One of the society's major ongoing activities is the ACS Web Presence Initiative. In this comment, I'd like to provide an update on that initiative, a project that promises to transform the way ACS communicates and interacts with its current and future members, the chemical enterprise, and the public at large. For further information about other ACS accomplishments in 2005, please see www.cen-online.org/acsnews/84/8412acsreport.html.
First, let me provide a little background about ACS and the Web. ACS was an early and avid adopter of the Web. According to chemistry.org Assistant Director Louise Voress, the society's presence on the Web dates back 10 years, when the ACS website was launched at www.acs.org. In the same year, 1996, the ACS Publications Division launched its online journals, one of the first scholarly societies to do so. Later that year, ChemCenter was launched and incorporated major Web resources of the ACS Publications Division and Chemical Abstracts Service.
ChemCenter was relaunched in 1999, incorporating content from across all ACS programs and the existing ACS website. Voress notes that as member and user needs evolved, ACS relaunched its website in early 2001 as chemistry.org. Version 1 displayed the full breadth of ACS resources to specific audiences. Version 2 implemented a portal, which allowed functions such as personalization; gated communities that allowed controlled access to members of division-only content; and the opportunity to manage individual member records online in real time.
Over time, chemistry.org has become one of the most valued member benefits. The site has more than 37,500 visits each day, and 23% of our visitors are from outside the U.S. We have more than 175,000 registered users—82,702 are ACS members. Members also are increasingly utilizing the online dues renewal option.
Similarly, our electronic journals are in widespread use and are quickly supplanting print journals because of their ease of use and search capabilities. New technology systems are being implemented this year that will speed the submission and peer review process of journal articles.
But as frequent users of both chemistry.org and our publications websites know, these are not perfect websites. In addition, the technology platforms supporting our websites are not robustly integrated and are in need of upgrades.
Most important, our members are always looking for new, more efficient ways to communicate, learn, and collaborate. Technology, especially the Web and mobile communications, is rapidly advancing and causing new user behaviors. Our members' expectations and behaviors are evolving, too. To remain a relevant part of your lives and deliver the value you expect, ACS has to respond to your needs and evolve as well.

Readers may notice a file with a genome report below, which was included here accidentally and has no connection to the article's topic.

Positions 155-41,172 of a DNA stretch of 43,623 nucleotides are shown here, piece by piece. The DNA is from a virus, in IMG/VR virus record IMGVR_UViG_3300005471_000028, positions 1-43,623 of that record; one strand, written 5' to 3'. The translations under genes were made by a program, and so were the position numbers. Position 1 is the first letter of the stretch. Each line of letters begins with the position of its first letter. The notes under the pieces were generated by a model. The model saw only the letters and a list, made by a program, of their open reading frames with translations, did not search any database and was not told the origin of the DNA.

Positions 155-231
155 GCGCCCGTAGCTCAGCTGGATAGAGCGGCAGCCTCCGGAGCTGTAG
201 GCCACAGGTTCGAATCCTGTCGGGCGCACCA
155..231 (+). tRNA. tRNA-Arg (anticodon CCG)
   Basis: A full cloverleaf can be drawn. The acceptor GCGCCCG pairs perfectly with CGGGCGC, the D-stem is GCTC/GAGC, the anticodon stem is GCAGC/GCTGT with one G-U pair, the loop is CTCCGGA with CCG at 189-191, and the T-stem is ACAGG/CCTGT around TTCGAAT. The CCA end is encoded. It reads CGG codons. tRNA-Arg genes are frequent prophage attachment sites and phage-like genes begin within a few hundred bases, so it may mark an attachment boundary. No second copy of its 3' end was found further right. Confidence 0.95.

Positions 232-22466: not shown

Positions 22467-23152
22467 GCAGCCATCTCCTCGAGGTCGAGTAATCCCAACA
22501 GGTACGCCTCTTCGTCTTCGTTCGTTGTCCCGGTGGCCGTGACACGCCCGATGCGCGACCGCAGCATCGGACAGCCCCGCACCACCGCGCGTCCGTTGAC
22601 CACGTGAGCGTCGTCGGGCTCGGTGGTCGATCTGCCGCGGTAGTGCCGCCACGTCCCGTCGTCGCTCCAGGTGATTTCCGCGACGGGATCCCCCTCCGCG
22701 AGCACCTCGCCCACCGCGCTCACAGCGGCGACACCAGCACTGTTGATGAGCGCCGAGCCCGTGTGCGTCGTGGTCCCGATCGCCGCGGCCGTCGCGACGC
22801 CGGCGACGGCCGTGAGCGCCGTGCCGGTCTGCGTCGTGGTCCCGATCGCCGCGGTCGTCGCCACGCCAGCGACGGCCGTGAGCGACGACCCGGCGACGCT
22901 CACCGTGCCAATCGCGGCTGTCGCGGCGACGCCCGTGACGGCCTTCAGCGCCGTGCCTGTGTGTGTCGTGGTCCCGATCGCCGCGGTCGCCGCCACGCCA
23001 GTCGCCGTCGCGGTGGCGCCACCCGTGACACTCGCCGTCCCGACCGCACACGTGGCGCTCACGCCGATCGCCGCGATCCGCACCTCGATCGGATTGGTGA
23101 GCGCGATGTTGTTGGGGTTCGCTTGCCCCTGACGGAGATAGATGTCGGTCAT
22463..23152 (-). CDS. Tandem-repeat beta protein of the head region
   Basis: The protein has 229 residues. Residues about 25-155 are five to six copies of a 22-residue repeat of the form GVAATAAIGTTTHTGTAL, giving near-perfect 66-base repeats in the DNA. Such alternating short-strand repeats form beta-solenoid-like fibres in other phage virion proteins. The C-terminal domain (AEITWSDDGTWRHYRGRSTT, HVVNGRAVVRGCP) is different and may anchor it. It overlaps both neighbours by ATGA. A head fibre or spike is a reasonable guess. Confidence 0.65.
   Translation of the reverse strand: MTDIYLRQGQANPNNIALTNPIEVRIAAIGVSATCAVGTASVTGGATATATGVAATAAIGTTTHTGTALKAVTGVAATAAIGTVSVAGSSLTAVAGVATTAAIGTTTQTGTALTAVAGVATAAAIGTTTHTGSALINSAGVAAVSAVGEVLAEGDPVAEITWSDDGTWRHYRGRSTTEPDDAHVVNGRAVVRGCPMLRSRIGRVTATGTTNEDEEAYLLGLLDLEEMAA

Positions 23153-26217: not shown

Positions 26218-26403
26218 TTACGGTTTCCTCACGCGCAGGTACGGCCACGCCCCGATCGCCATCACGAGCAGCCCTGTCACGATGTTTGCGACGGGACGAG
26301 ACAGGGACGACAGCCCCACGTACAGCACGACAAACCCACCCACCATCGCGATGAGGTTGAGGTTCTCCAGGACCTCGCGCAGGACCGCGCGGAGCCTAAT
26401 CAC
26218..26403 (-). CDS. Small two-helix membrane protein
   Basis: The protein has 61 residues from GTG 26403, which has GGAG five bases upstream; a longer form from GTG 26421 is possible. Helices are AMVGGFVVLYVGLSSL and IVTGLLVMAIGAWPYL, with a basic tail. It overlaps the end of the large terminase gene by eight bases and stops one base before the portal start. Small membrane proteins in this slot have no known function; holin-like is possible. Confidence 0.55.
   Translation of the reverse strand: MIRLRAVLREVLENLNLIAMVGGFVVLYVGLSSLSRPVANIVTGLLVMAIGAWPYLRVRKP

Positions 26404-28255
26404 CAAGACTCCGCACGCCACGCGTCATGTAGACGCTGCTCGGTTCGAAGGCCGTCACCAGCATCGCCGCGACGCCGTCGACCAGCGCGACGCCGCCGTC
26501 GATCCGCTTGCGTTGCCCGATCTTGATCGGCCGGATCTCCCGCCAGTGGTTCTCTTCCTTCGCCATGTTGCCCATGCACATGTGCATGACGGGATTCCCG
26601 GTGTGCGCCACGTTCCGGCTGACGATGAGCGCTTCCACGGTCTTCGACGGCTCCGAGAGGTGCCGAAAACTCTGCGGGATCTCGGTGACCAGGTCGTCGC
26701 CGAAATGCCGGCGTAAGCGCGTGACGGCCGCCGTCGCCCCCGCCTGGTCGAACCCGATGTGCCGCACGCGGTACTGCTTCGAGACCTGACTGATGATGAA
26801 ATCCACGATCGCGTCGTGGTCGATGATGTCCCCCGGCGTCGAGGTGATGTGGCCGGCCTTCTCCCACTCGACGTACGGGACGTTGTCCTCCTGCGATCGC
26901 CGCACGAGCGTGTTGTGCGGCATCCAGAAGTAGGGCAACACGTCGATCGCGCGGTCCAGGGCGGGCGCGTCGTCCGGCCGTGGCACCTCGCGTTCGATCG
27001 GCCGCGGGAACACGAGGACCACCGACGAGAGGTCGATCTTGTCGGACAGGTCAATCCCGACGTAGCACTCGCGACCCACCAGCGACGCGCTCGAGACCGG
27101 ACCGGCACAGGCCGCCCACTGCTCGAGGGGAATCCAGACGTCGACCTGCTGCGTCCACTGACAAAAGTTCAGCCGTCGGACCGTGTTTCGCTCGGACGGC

In early 2004, with the full support of the ACS Board of Directors, we launched a project to "reinvent chemistry.org." Because C&EN Online is an excellent website, I asked C&EN Editor-in-Chief Rudy Baum to head the project. For the past two years, he has worked with Membership Division Director Denise Creech, Publications Division President Robert Bovenschulte, chemistry.org's Voress, and others to reinvent both chemistry.org and our publications' websites. In August 2005, the ACS Board of Directors approved $9.4 million over a 30-month period beginning in 2006 to carry out the full project. In September, John Sullivan joined ACS from AARP as our new chief information officer and began working on the project as well. In November, we hired Paul LaPorte as director of Web strategy.
The Web Presence team has completed a detailed analysis of ACS websites and high-level technical analysis of the information technology infrastructure. LaPorte has established an organizational structure to enable rapid updates and innovation on the Web. The team has completed research on user behaviors. The first phase of the information architecture initiative is complete, and a concept model for the new Web presence has been developed. A Web community for ACS local section, division, and committee webmasters is being piloted. During the next six months, the project will examine and select new search and analytics tools, evaluate content management applications, and develop Web-content migration strategies.
You'll begin to notice significant changes on our websites in the next 12-18 months. Members and other users will receive more value with every Web interaction. You will experience a noticeable change in ease of use and navigation, more logical access to timely and more relevant information, more user control, an integrated experience, and new products and services that fulfill more of your everyday needs.
The goal for our new website is simple and powerful, LaPorte says: "to become an everyday place for scientists to come to meet, work, communicate, and collaborate." The Web Presence motto is "building value online every time"—we want to maximize the value constituents receive when interacting with ACS.
We know you wear many hats, and we want to be sure we understand all your needs. If you are in Atlanta at the ACS national meeting, stop by the chemistry.org booth (#922 in the convention center) to experience emerging online business and communications tools through a hands-on lab, provide feedback through several computer stations, and participate in short presentations and focus groups. If you aren't going to the ACS national meeting, send us your ideas at firstname.lastname@example.org. We look forward to hearing from you.